News > News > Stop Polluters > Power Plant Cases > Riverkeeper Challenges NRC’s Findings on the Environmental Impacts of Indian Point

Riverkeeper Challenges NRC’s Findings on the Environmental Impacts of Indian Point

For Immediate Release: March 18, 2009
Contact: Andrea Kott, Riverkeeper
914-478-4501 x 239, [email protected]
Phillip Musegass, Riverkeeper
914-478-4501 x224, [email protected]

Riverkeeper Challenges NRC’s Findings on the Environmental Impacts of Indian Point

Agency’s draft study ignores critical data and new information on a range of impacts, from toxic nuclear waste storage to the slaughter of Hudson River fish

Today, Riverkeeper filed written comments with the Nuclear Regulatory Commission (NRC), challenging its assessment and conclusion that environmental impacts caused by Indian Point’s operation are not severe enough to prevent relicensing of the plant for 20 more years. The commission’s conclusion appeared in its December 2008 draft environmental analysis.

Riverkeeper’s comments noted the wide range of severe impacts caused by the aging nuclear plant, but focused on the slaughter of Hudson River fish populations caused by Indian Point’s cooling water intakes and the NRC’s refusal to consider the risk of storing thousands of tons of nuclear waste at the plant indefinitely, without any environmental review.

“It is no surprise that the NRC, despite a mountain of evidence to the contrary, claims that Indian Point’s effect on the environment is not significant enough to prevent relicensing”, said Phillip Musegaas, Hudson River Program Director for Riverkeeper. “This is the same agency that, just last week, gave Indian Point its highest safety rating for 2008, a year in which radioactive waste continued leaking into the Hudson River, and Entergy (Indian Point’s owner) was in violation of federal law for failing to complete its new emergency siren system on time. These actions make it clear that the NRC is more focused on being the national “Chamber of Commerce for Nuclear Power” and less on protecting public health and safety, as their legal mandate requires.”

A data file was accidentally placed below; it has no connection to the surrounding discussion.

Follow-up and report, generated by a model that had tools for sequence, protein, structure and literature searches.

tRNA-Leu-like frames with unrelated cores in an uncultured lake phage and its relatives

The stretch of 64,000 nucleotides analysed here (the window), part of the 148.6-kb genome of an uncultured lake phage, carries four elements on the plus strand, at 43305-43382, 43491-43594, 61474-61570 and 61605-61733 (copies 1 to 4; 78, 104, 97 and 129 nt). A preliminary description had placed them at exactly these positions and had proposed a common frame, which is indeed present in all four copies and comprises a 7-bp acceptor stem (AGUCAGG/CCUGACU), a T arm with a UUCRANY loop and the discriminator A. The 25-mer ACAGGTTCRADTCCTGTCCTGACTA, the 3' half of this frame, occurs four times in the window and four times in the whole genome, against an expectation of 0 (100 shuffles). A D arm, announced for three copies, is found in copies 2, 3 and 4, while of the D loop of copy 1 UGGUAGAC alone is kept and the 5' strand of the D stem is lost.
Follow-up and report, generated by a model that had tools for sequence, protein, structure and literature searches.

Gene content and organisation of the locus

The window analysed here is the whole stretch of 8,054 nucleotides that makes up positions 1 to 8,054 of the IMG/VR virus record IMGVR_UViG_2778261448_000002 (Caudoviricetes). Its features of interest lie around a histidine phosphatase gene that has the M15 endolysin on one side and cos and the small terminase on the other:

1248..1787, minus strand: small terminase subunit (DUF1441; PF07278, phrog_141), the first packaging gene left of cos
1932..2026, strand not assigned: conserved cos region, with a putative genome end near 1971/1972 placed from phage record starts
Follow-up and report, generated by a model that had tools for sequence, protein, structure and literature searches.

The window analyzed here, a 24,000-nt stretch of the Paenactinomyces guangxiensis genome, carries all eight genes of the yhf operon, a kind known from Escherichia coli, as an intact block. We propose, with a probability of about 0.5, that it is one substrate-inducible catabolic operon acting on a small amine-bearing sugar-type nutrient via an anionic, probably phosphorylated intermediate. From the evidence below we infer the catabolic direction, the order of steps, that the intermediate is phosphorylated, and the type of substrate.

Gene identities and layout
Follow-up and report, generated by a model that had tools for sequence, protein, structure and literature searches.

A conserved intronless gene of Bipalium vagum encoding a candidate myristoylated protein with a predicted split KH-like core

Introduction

Riverkeeper’s comments specifically challenge the NRC’s analysis of, or refusal to assess, the following current and future impacts.

The slaughter of over a billion Hudson River fish, eggs and larvae every year by Indian Point’s antiquated, once-through cooling system, which sucks in 2.5 billion gallons of Hudson River water a day, contributing to the decline of Hudson River fish populations.

The killing of endangered shortnose sturgeon and declining Atlantic sturgeon, when they are trapped and pinned against the plant’s cooling water intake screens in the Hudson River.

The risks and future environmental impacts of the storage of 1,500 tons of highly toxic nuclear waste in leaking spent fuel pools and dry casks, which will remain onsite for the foreseeable future, due to the failure of the federal government to approve the Yucca Mountain waste repository. If Indian Point is relicensed, another 1,000 tons of waste will be produced, with no disposal solution.

The feasibility of the emergency evacuation plan and the potential impacts to the Hudson valley from a radiological release at Indian Point caused by an accident or terrorist attack.

The impacts of the leaking IP2 spent fuel pool, and any future radioactive leaks, on the Hudson River ecosystem.

The risk to public drinking water supplies posed by the plant’s radioactive water leaks and periodic discharges, if a proposed desalination plant is built in Haverstraw, which will use Hudson River water.

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